User Research Doesn’t = Instant Designs, It Identifies Problems Your Designs Can Solve!

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I read the WEIRDEST article today. Some miscellaneous guy was rambling on about how he is anti user research and usability testing because of the quote that may or may not (no can can seem to verify) have been said by Henry Ford: “If I had asked people what they wanted, they would have said a faster horse.”

I got more and more irritated the longer I read the article, and by the end wanted to grab a megaphone and scream in the guy’s face, “YOU DON’T UNDERSTAND USER RESEARCH!”

Let me elaborate.

When conducting user research you need to talk to your users to find out what their problem areas are. User research is an incredible way to gain insight into what your clients need, and where your product pain points are, but you have to ask the RIGHT QUESTIONS. You can’t just ask, “What do you want me to make for you next?” If that’s how you’re conducting user research, you’re doing it wrong. User Research and Usability Testing are the core of UX design, but they’re steps that lead the design process; they aren’t the entire process itself.

You need to ask what kinds of problems your users are facing, so that you can bring that information back to your design team to brainstorm ways you can help SOLVE those problems. Every design we work on, the first thing my VP says during a brainstorming meeting is, “Which user problem are we trying to solve here?” We focus on coming up with the best solution to the problem and weave it into a killer product or feature.

Could we ask, “What do you want us to make you next?” Absolutely, our clients would tell us. We could build exactly what each client asks for, but we’d end up with a bunch of similar yet slightly different features, since user needs vary greatly. By asking about the problems our clients face, we are able to identify trends in the market. “Look, 75% of the clients we interviewed are facing a similar problem, lets design a solution to address it!” Boom. Happy clients, designers with the freedom to come up with innovative solutions, and fab product results.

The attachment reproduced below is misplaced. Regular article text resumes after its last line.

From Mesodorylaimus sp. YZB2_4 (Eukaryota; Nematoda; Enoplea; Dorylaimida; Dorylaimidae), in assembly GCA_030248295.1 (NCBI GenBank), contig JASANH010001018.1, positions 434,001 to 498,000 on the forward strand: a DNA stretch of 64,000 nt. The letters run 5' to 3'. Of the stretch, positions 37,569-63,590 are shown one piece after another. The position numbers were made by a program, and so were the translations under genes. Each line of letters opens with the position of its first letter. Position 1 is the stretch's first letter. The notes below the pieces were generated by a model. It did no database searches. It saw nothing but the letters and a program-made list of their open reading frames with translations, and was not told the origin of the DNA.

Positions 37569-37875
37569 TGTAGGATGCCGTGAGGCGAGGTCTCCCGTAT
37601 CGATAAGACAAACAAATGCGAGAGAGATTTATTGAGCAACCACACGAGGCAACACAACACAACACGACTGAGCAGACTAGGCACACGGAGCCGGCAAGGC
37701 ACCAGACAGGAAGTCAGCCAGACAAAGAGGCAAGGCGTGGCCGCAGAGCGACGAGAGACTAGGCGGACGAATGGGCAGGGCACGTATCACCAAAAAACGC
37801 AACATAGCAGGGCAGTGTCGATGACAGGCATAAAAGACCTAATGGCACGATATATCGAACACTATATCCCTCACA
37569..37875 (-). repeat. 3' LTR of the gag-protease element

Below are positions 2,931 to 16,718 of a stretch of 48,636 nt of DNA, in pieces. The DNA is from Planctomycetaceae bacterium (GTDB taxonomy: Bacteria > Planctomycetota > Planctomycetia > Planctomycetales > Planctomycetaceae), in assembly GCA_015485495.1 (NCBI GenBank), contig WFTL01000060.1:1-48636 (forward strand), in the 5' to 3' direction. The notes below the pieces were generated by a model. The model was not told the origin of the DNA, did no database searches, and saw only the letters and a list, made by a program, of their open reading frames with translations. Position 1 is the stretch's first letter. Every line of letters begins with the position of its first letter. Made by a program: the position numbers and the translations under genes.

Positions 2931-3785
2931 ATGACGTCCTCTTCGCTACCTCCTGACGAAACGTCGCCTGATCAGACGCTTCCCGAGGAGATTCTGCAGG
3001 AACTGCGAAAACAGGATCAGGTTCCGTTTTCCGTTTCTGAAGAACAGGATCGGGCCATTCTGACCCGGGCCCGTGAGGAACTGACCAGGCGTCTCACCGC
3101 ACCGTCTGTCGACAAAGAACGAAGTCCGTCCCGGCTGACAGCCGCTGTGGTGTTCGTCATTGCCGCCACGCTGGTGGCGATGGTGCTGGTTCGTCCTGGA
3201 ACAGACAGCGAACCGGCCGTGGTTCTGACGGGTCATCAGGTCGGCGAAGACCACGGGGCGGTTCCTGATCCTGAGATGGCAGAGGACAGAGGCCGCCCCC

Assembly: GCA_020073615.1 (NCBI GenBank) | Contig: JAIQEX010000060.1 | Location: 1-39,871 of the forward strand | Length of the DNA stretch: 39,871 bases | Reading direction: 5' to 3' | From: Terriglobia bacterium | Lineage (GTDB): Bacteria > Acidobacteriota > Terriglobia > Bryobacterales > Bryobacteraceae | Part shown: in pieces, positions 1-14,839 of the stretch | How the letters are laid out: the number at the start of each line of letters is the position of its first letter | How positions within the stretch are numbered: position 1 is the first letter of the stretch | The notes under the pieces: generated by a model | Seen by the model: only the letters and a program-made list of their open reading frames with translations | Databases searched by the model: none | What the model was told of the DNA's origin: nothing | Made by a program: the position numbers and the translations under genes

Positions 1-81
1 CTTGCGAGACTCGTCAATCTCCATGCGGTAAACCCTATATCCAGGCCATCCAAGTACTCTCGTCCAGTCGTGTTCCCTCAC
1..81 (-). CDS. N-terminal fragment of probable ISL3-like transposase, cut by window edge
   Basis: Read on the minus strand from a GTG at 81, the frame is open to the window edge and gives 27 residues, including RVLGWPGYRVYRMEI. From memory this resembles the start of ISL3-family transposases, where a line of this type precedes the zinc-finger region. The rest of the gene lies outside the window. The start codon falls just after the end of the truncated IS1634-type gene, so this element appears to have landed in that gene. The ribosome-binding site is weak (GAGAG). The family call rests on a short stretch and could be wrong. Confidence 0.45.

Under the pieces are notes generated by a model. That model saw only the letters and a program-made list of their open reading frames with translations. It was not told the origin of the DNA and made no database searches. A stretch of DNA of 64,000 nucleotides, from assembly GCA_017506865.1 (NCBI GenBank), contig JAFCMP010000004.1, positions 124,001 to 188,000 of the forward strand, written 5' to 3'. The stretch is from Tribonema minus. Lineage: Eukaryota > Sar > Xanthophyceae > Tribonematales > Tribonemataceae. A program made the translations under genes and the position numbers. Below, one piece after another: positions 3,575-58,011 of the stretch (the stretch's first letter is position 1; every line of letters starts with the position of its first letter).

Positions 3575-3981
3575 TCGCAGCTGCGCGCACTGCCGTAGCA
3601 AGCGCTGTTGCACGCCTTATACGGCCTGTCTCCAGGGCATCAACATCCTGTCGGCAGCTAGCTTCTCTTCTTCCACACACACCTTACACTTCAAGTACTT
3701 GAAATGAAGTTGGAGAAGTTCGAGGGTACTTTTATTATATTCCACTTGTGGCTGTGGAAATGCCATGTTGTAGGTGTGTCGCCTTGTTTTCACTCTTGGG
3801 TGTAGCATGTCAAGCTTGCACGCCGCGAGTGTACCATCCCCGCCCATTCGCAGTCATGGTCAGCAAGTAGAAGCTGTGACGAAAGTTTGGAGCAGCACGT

I’m not saying that you can’t ask clients what they want, and then make enhancements based directly on that feedback. The clients are the ones using the product day in and day out, they know when something isn’t usable. I’m saying that if you ask your clients what they want you to change, you need to follow up with a question asking WHY they want it to change, to ensure that you’re not just putting a band-aid on something that needs a complete facelift.

In my opinion, Henry Ford (?) was correct in that user research is not a process of making users design their own solutions. Getting the feedback, “I want a faster horse,” means horses aren’t fast enough for the users. The problem is speed, user research = successful. Then you design a faster, innovative solution – the Model A, later the mega popular Model N, and even later the famous Model T.

So to the miscellaneous guy who is hating on User Research and Usability Testing I just want to say: User research is the key to ensuring that you’re designing useful products that will solve problems and make your users lives easier. It also helps ensure that you’re not designing an elegant solution that no one wants or needs. User research is NOT asking your clients to design your products for you, FYI. </rant> 🙂

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